A former Scotland hooker is taking on his own “Everest” to support one of his ex team-mates.
Gordon Bulloch, who also played for the British & Irish Lions and Glasgow Warriors, is to undertake a marathon hill climb with a difference later this month.
And all proceeds will go to the My Name’5 Doddie Foundation, set up to further research and find a cure for the appalling condition that is Motor Neurone Disease, after Bulloch’s fellow former Scotland forward Doddie Weir was diagnosed with MND.
You can sponsor Gordon and find out more details on his website: https://24in72.co.uk/
Bulloch, 43, will climb the 360m high Dumgoyne hill on the western edge of the Campsie Fells on the outskirts of Glasgow.
Not just once . . . but 24 times in the space of 72 hours, which takes him close to the height of Mount Everest at 8,848metres!
“Those with calculators will have worked out that I’ll be 200 metres short but I aim to make this up with a few route variations,” Bulloch said.
“I’m doing this because I played with Doddie and he has fallen on testing times. I’ve never really done anything for charity other than texting £20 to a TV programme or playing in a golf match.”
Bulloch won 14 of his 75 Scotland caps playing alongside Weir.
He went on: “Doddie was very, very competitive. He always had the daft laddie persona but when it came down to it, he was always very driven and wanted to do well in every aspect.
“He would give you a pat on the back when something went well but he would equally give you a slap on the head if it didn’t.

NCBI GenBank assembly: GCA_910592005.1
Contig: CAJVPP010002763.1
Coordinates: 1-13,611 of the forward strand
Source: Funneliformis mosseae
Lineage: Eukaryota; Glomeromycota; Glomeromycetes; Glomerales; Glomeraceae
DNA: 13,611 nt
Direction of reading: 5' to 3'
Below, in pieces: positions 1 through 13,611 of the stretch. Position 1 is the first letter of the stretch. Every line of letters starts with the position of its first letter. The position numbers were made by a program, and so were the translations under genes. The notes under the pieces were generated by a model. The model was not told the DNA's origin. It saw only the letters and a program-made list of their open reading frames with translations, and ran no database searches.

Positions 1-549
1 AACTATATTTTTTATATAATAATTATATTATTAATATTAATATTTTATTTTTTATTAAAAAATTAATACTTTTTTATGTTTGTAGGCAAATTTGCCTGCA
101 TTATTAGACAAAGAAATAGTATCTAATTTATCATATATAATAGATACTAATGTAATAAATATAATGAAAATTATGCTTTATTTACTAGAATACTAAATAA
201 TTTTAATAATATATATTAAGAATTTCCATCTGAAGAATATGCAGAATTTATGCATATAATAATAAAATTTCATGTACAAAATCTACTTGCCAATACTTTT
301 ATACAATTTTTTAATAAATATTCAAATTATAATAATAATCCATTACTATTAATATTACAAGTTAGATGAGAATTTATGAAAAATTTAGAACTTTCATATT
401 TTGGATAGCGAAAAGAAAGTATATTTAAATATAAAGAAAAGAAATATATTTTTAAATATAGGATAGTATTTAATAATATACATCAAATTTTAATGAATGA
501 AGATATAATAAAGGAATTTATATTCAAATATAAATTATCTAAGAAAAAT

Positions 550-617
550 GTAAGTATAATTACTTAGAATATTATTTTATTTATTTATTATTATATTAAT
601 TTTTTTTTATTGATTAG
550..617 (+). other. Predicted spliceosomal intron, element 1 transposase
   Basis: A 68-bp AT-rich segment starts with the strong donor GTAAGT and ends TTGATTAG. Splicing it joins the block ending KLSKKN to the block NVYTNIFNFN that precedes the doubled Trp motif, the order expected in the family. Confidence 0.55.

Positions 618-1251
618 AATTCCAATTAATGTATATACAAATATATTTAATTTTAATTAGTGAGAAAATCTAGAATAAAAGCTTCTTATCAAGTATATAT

“The hill means a lot to me now because it’s somewhere I have rediscovered something I can do competitively.
“When I left rugby having played for 15-16 years as an amateur and then professional I was searching for something to fill the gap.
“All through my playing days I hated running – track sprints, hill sprints, bleep tests and 3km time trials. The first time I went up Dumgoyne reminded me of all the things I hated about running!
“But the view was pretty decent from the top and I actually enjoyed the challenge of coming down with a bit of speed.”
Gordon is now a keen hill runner and is enjoying the combination of keeping fit and a bit of competition.
Doddie said: "As a player, Gordy was never afraid to challenge himself and put himself out there for his teammates, and once again he is showing this resolve and determination by taking on such a huge task.
"We all face our ‘Everests’ at some stage in our lives and I am grateful to Gordie for supporting me and the Foundation as we work to help find a cure for MND - with the support and energy of people like Gordy, I believe we really can make a difference."